Dear New Yorker:
There is a Winter Storm Watch in effect for New York City from Saturday afternoon through Sunday afternoon. Temperatures will be dangerously cold and conditions outside will be hazardous. I urge all of you to stay safe and warm this weekend, and to check on any neighbors who might be in need of help. I also encourage you to use the Office of the Public Advocate as a resource during this storm and always - please see my website for more if you need help.
WHAT TO EXPECT:
*WHAT: Heavy mixed precipitation possible. Total snow and sleet accumulations of 3 to 6 inches and ice accumulations of up to one tenth of an inch possible. Extremely low temperatures.
*WHEN: From Saturday afternoon through Sunday afternoon, with single-digit temperatures lasting into Monday.
*ADDITIONAL DETAILS: Travel could be very difficult at any point during the storm. Rapidly falling temperatures Sunday afternoon into the evening could cause any standing water to quickly freeze over. Strong wind gusts Sunday afternoon into the night could bring down tree limbs and power lines.
*PRECAUTIONARY/PREPAREDNESS ACTIONS: A Winter Storm Watch means there is potential for significant snow, sleet or ice accumulations that may impact travel.
- Pedestrians should exercise caution and avoid slippery surfaces; some ice may not be visible. Wear sturdy boots that provide traction to reduce slipping. Use handrails when using stairs.
- Seniors should take extra care outdoors to avoid slips and falls.
- Have heightened awareness of cars, particularly when approaching or crossing intersections.
- Avoid driving when conditions include sleet, freezing rain, snow or dense fog.
- Drive slowly. Vehicles take longer to stop on snow and ice than on dry pavement.
- Four-wheel drive vehicles may make it easier to drive on snow-covered roads, but they stop less quickly than other vehicles.
- Use major streets or highways for travel whenever possible.
- Know your vehicle's braking system. Vehicles with anti-lock brakes require a different braking technique than vehicles without anti-lock brakes in snowy conditions.
- If you are driving and begin to skid, ease your foot off the gas and steer in the direction you want the front of the car to go. Straighten the wheel when the car moves in the desired direction. If you have an anti-lock braking system (ABS), apply steady pressure to the brake pedal. Never pump the brakes on an ABS equipped vehicle.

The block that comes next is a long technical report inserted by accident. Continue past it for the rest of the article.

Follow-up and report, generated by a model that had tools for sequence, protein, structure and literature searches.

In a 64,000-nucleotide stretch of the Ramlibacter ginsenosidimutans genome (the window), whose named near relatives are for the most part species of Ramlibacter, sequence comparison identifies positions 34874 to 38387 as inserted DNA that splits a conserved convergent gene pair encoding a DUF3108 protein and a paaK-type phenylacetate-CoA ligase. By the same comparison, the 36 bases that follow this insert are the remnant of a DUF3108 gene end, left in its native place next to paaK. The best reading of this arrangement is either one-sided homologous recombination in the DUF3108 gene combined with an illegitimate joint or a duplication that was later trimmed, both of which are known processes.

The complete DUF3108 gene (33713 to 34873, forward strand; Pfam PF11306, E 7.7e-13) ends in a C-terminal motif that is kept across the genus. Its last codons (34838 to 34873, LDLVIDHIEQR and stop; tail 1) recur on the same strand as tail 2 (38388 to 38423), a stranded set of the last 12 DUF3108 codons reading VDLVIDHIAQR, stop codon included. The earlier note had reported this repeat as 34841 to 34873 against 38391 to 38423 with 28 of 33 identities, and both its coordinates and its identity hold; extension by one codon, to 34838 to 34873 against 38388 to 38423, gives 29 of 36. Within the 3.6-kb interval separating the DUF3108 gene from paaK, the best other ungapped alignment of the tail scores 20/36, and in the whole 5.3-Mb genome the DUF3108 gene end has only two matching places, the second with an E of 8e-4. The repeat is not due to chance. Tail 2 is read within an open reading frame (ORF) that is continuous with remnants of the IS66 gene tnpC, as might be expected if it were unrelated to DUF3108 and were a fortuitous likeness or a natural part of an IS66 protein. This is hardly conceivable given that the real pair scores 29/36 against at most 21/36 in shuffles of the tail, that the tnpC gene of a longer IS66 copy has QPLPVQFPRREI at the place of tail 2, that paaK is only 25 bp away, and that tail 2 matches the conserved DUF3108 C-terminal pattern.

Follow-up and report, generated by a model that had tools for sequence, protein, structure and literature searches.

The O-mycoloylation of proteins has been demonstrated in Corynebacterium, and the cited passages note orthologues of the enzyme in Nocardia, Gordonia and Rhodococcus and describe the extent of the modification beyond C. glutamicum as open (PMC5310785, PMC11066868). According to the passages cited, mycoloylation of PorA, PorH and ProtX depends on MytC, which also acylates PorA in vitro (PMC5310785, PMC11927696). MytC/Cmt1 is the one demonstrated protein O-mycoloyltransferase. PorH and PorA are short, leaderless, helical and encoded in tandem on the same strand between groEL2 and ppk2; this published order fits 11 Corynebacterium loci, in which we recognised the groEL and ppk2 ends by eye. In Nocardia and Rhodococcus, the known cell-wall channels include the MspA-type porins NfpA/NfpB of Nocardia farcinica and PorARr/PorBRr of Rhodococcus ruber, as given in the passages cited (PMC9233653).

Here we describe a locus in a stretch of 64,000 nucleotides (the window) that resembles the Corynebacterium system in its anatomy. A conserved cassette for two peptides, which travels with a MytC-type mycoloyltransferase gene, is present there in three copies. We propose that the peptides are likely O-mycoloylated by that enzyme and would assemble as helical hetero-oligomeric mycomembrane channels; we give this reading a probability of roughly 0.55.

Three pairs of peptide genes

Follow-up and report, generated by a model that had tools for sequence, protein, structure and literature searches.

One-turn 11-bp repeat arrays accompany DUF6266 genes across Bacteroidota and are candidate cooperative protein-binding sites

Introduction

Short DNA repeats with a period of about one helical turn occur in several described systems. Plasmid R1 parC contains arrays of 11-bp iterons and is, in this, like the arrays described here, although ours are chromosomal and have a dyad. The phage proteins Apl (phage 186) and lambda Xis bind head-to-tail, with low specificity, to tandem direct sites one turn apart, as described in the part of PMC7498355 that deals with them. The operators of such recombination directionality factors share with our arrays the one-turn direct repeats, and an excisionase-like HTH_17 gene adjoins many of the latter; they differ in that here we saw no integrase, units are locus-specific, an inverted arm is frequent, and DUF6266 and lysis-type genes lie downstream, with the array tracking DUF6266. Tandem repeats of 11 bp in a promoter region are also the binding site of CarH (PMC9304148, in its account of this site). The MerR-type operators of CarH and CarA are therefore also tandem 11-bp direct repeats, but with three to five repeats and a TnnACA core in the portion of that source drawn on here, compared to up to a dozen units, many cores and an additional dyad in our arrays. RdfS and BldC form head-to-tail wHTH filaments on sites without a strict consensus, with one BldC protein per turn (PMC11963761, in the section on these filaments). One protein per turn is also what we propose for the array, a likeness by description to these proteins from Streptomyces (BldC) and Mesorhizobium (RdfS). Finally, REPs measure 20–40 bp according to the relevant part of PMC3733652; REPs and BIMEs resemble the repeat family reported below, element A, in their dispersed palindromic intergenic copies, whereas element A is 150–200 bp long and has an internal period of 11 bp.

- Try to keep your vehicle's gas tank as full as possible. A full tank will keep the fuel line from freezing.
- Keep all potential sources of fuel like paper, clothing, bedding or rugs at least three feet away from space heaters, stoves, or fireplaces.
- Portable heaters and fireplaces should never be left unattended. Turn off space heaters and make sure any embers in the fireplace are extinguished before going to bed or leaving home.
- If you must use a space heater, place it on a level, hard and nonflammable surface (such as ceramic tile floor), not on rugs or carpets or near bedding or drapes. Keep children and pets away from space heaters.
- Never use a cooking range or oven to heat your home.
- Keep fire in your fireplace by using a glass or metal fire screen large enough to catch sparks and rolling logs.
- It is critical that households have working smoke alarms and that families practice their fire escape plan.
- Bring pets inside during winter weather.
A Code Blue Weather Emergency notice is issued when the temperature is forecast to drop to 32 degrees Fahrenheit or less between 4 p.m. and 8 a.m., including National Weather Service calculations for wind chill values. No one who is homeless and seeking shelter in New York City during a Code Blue will be denied. Should you see an individual who appears to be homeless and in need out in the cold, please call 311 and an outreach team will be dispatched to offer assistance.
During Code Blue Weather emergencies, experienced outreach teams work to connect homeless New Yorkers with the following resources:
- Shelters: During a Code Blue, shelter is available system-wide to accommodate anyone who is reasonably believed to be homeless and is brought to a shelter by outreach teams. Accommodations are also available for walk-ins.
- Drop-in centers: All drop-in centers are open 24-hours per day, including when Code Blue procedures are in effect, and will assist as many people as possible for the duration of the emergency. Drop-in staff and the dedicated outreach teams they work closely with each day can also make arrangements for homeless individuals at other citywide facilities.
- Safe havens and stabilization beds: Chronically homeless individuals may be transported directly to these low-threshold housing programs.
- Street homeless outreach: Teams will contact vulnerable individuals on their Code Blue Priority Lists a minimum of once every four (4) hours beginning at 8 p.m. during Code Blue Alerts and once every two (2) hours beginning at 8 p.m. for Enhanced Code Blue Alerts to encourage them to accept services, including transportation to a shelter placement. DSS coordinates borough-level Code Blue efforts directly with partner City agencies, including but not limited to NYPD, DSNY, and the Parks Department.
Be aware and stay safe. As always in these situations, I will be sharing new information as it becomes available via Twitter and Facebook.